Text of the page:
In 1902, the Board of Trade for the city of Titusville brought Schatt & Morgan Cutlery from Gowanda, NY to their town to create jobs. According to Mrs. Dewey P. (Lavona) Ferguson in “Romance of Collecting Cattaraugus, Robeson, Russell, and Queen Knives (1978)”, Titusville “built for them a new building” which would eventually become a legendary knife manufacturing facility. An article in the Titusville Herald from December 1902 amusingly states, “The people of Gowanda are in a measure inconsolable for the loss of their principal industry….”
John Schatt was the President of the company, Charles Morgan was the Vice President. Eight years into the business, for reasons unknown, Morgan bought out Schatt, and Morgan became the President of the company.
For the next eight years, Schatt & Morgan did well. Enter Queen City Cutlery. Mrs. Ferguson tells us Queen City Cutlery Company was founded in 1918. It operated the first four years without an official name in a garage behind the Titusville High School. Its initial business was making “contract knives.” In 1922 they adopted the name Queen City Cutlery.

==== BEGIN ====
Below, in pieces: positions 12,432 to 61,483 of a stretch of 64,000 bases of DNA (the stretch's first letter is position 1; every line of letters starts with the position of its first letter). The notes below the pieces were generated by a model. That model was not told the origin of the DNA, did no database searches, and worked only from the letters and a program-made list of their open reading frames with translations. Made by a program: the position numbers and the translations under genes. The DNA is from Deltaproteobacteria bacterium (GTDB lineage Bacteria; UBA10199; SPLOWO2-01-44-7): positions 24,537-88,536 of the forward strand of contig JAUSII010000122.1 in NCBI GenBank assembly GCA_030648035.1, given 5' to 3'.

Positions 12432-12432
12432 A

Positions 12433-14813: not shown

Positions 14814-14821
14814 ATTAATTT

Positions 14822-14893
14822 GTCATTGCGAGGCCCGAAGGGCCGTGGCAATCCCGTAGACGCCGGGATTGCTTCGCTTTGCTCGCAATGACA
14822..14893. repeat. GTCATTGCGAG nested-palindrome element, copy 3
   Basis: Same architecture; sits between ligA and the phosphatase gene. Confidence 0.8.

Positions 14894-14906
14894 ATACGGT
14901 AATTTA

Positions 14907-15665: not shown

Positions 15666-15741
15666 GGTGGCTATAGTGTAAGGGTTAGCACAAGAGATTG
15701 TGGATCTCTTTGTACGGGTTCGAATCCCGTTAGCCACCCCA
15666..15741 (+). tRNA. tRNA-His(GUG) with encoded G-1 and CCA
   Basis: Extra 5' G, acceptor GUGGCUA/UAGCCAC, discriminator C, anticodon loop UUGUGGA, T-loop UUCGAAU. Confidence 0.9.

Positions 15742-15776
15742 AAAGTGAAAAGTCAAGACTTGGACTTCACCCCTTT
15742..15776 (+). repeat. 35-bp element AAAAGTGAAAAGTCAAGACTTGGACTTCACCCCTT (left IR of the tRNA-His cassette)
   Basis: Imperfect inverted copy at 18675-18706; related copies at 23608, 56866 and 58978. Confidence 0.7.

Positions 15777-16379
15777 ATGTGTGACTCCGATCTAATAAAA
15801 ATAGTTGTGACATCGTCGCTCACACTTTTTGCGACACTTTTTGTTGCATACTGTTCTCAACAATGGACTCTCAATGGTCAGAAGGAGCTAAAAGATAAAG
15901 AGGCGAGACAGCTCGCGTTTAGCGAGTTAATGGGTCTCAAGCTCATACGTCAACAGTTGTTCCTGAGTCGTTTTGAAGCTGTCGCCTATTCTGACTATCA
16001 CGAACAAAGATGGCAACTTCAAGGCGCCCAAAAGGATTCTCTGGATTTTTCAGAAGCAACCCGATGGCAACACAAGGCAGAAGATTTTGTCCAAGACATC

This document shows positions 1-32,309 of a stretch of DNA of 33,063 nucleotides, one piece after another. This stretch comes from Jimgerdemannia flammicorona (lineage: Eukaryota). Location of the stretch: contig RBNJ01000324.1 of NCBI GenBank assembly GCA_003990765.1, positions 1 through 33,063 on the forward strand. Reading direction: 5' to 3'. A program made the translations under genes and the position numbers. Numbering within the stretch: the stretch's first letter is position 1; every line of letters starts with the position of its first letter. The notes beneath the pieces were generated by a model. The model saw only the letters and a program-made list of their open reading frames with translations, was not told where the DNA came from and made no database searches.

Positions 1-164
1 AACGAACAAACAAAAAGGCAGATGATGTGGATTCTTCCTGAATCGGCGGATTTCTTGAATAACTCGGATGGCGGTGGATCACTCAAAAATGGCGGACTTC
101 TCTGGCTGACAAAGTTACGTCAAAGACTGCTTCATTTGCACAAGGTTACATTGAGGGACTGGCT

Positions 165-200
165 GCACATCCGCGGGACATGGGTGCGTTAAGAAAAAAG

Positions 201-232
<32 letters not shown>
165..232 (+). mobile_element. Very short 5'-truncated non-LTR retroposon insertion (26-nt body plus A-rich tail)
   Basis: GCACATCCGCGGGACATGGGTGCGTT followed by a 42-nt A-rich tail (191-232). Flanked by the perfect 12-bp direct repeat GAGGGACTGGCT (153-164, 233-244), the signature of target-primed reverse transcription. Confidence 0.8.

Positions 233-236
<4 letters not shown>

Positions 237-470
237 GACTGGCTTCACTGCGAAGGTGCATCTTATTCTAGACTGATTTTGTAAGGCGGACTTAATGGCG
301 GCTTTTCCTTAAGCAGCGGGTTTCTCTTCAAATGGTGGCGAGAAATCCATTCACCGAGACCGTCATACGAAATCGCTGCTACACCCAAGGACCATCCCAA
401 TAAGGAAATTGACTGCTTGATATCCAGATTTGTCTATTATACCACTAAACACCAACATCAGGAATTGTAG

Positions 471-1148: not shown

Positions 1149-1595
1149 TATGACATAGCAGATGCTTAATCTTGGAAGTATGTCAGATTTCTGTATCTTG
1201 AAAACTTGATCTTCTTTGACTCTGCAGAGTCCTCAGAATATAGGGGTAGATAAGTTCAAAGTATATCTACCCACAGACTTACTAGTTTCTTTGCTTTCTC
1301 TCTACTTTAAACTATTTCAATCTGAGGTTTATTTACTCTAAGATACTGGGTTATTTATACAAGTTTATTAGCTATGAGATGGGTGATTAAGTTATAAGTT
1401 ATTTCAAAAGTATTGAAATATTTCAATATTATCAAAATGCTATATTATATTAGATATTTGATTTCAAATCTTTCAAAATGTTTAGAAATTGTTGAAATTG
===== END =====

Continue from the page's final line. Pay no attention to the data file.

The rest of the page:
Know what else happened in 1922? According to David A. Krauss’s “American Pocketknives”, five guys were fired from Schatt & Morgan for stealing knives without handles from the factory floor and selling them. Guess who those five guys were? If you guessed the founders of Queen City Cutlery Company, you’d be right, unless you were talking to Mrs. Dewey P. (Lavona) Ferguson. She states they were all, “top notch employees of Schatt & Morgan Cutlery Company.”
For about 10 years, Schatt & Morgan continued making knives and some straight razors. Ferguson tells us in the delicate manner we’ve come to love, “Unfortunately, Schatt & Morgan went broke in 1930.” Queen Cutlery – the five guys who were fired – bought Schatt & Morgan during the bankruptcy proceedings. According to the Titusville Herald, “Immediately, former president Charles Morgan was brought on board to be a salesman for Queen.”